Even if Frank, giving him all the benefit of the doubt, had been told this Frankenberger theory with absolute sincerity by someone 'who should know (Adolf himself?), whoever told it to him would not have had any proof either. That may have been the genesis of his task: to see what could be found out. That request could only have come from Adolf Hitler.
You know how those whisper campaigns go: in the Third Reich, being said to have Jewish heritage was the ultimate slur. There would have been plenty of people ready, willing and able to malign Adolf (behind his back, of course) out of sheer malice, crafting bogus theories out of thin air. Nobody at all did it openly, but once someone started something, it never would have ended. Hitler wanted to batten down that hatch securely so nobody could go poking around and start saying that Hitler himself was Jewish based on this or that loose end. Thus, he tasked Hans Frank to take care of it on the down-low.
On the plus side for the Frankenberger case, Frank would have had Hitler's assistance in uncovering the facts and all the tools of the Third Reich expressly designed to make people cooperative (Frank was hanged for being a bad guy). So, the Frank claim cannot be disregarded - but it requires corroboration, and there is none.
|Adolf Hitler's half-brother, Alois Jr., died on 20 May 1956 in Hamburg.|
All of this was known in the 1940s. It was common during World War II to call Adolf Hitler 'Schicklgruber' as a form of disparagement; but then, it also was common to call him a housepainter, which he manifestly was not (he painted bad watercolors). There is no definitive answer as to Alois' biological heritage (or whether Klara was cheating on Alois). Thus, there is none to Adolf's, either.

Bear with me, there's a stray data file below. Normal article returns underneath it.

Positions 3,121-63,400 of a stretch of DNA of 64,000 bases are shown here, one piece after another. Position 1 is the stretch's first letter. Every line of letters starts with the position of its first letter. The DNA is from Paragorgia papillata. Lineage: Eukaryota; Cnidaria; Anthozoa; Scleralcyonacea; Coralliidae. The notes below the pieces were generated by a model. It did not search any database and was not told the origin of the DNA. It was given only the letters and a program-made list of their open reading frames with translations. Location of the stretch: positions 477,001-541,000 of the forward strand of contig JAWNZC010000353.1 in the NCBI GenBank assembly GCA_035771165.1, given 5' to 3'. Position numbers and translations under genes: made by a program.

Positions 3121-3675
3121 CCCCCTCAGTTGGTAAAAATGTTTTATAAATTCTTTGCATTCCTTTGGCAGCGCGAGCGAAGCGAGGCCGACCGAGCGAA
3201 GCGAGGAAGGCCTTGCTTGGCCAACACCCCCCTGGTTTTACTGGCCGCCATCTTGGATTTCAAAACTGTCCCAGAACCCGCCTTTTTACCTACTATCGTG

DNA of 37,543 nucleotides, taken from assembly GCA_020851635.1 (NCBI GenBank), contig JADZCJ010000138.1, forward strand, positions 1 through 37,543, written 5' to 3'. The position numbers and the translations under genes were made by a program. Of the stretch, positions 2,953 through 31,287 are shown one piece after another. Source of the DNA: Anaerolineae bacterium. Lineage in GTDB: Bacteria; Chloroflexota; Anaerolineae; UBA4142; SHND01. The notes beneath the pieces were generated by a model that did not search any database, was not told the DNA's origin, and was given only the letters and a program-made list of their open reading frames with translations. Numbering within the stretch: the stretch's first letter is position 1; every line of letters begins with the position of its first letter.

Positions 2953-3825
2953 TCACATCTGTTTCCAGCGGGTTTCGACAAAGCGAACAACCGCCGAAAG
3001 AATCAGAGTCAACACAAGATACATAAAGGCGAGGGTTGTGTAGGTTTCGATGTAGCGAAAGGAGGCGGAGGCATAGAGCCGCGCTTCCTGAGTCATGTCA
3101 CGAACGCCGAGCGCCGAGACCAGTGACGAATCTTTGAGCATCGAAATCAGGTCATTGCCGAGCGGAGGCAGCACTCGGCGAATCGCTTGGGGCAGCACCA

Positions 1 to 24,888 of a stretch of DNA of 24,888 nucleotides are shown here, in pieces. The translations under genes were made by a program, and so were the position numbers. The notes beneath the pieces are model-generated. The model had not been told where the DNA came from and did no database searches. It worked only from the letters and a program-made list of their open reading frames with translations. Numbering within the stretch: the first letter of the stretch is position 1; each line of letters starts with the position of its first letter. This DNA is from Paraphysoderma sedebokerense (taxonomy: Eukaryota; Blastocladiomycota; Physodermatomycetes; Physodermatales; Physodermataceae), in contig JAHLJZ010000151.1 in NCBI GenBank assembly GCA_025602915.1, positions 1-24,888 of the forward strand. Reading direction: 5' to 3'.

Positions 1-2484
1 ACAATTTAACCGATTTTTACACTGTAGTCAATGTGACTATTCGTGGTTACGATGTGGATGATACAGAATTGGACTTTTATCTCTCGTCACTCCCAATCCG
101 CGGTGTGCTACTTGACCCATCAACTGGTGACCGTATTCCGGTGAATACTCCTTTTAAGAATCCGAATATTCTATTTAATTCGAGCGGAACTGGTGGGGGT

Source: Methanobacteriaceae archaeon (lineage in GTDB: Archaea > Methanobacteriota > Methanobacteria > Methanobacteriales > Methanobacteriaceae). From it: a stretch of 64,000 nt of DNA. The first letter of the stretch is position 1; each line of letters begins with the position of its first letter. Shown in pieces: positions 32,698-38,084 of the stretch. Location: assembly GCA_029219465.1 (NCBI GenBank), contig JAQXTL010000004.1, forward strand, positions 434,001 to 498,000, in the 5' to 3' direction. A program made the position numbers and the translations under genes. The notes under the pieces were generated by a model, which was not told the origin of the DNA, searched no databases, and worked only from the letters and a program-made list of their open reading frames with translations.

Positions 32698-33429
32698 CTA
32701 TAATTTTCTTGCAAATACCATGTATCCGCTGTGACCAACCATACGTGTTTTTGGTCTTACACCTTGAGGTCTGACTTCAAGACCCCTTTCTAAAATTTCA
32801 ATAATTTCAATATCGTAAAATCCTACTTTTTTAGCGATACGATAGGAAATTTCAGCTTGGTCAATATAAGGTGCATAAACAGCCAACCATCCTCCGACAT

In conclusion, the paternity chain is too cloudy to say much of anything with any certainty as to whether Adolf Hitler had any Jewish blood. One can make a presumption that Hitler quite possibly had some Jewish blood, but how much and from whom we will never know.
But there is another method now available to us.
People don't like murkiness about even trivial historical issues if a definitive answer might just be possible. There are people obsessed with how people died when it doesn't really matter now. One theory making the rounds, for instance, is that Wolfgang Amadeus Mozart died due to a Vitamin D deficiency stemming from the poor winter sun in central Europe. Yes, you can add that to the 117 (literally) other theories on why he died.
|Wolfgang apparently needed to get more sun|
With the development of DNA analysis, it became possible to ascertain a person's origins with absolute certainty (at least as far as modern science is concerned, scientists in 300 years' time may have a different view of the infallibility of DNA research). So, since Adolf Hitler died relatively recently as these things go (certainly a lot more recently than Mozart), it seemed a natural fit: do DNA research on Adolf, and take this issue off the 'unknown' list once and for all.
Well, as you no doubt realize, there was one small problem with this solution: for DNA analysis, you actually need some tissue or bone from the person being analyzed. Unfortunately for Hitler scholars, there is none of Adolf Hitler - at least, none that is available for research, and even what is believed to be fragments from Hitler's corpse may not be such at all anyway. That seems to lead to a dead end - but it isn't.
Since there is no corpse to exhume and test, the researchers did what they considered to be the next best thing: they tracked down Adolf's nearest known living relatives. However, it turned out that Adolf's surviving relatives were not too keen on participating in a study about one of their forebearers they probably think about sourly every day. Perhaps they simply objected to being used for a publicity stunt. So, the intrepid researchers became involved in the farcical process of tailing Hitler's relatives and grabbing evidence out of garbage cans and the like. The people behind the pursuit were journalists, not scientists, and that should tell you everything you need to know right there about their intent.
Putting all that aside, the much-publicized results of the DNA study of saliva swabs (from the cooperating relatives) and used serviettes and the like tossed in trash cans (from the non-cooperating ones) did come to some scientific conclusions. Journalist Jean-Paul Mulders and historian Marc Vermeeren tracked down 39 of the Fuhrer's distant relatives, including (apparently) one of Hitler's cousins (who wishes to remain anonymous, go figure). They performed analysis of all that DNA and got a surprising result.
The scientific conclusion: Hitler was 1/4 Jewish (which jibes with the Hans Frank testimony) and his parentage came from North Africa or the Middle East, perhaps via Spain.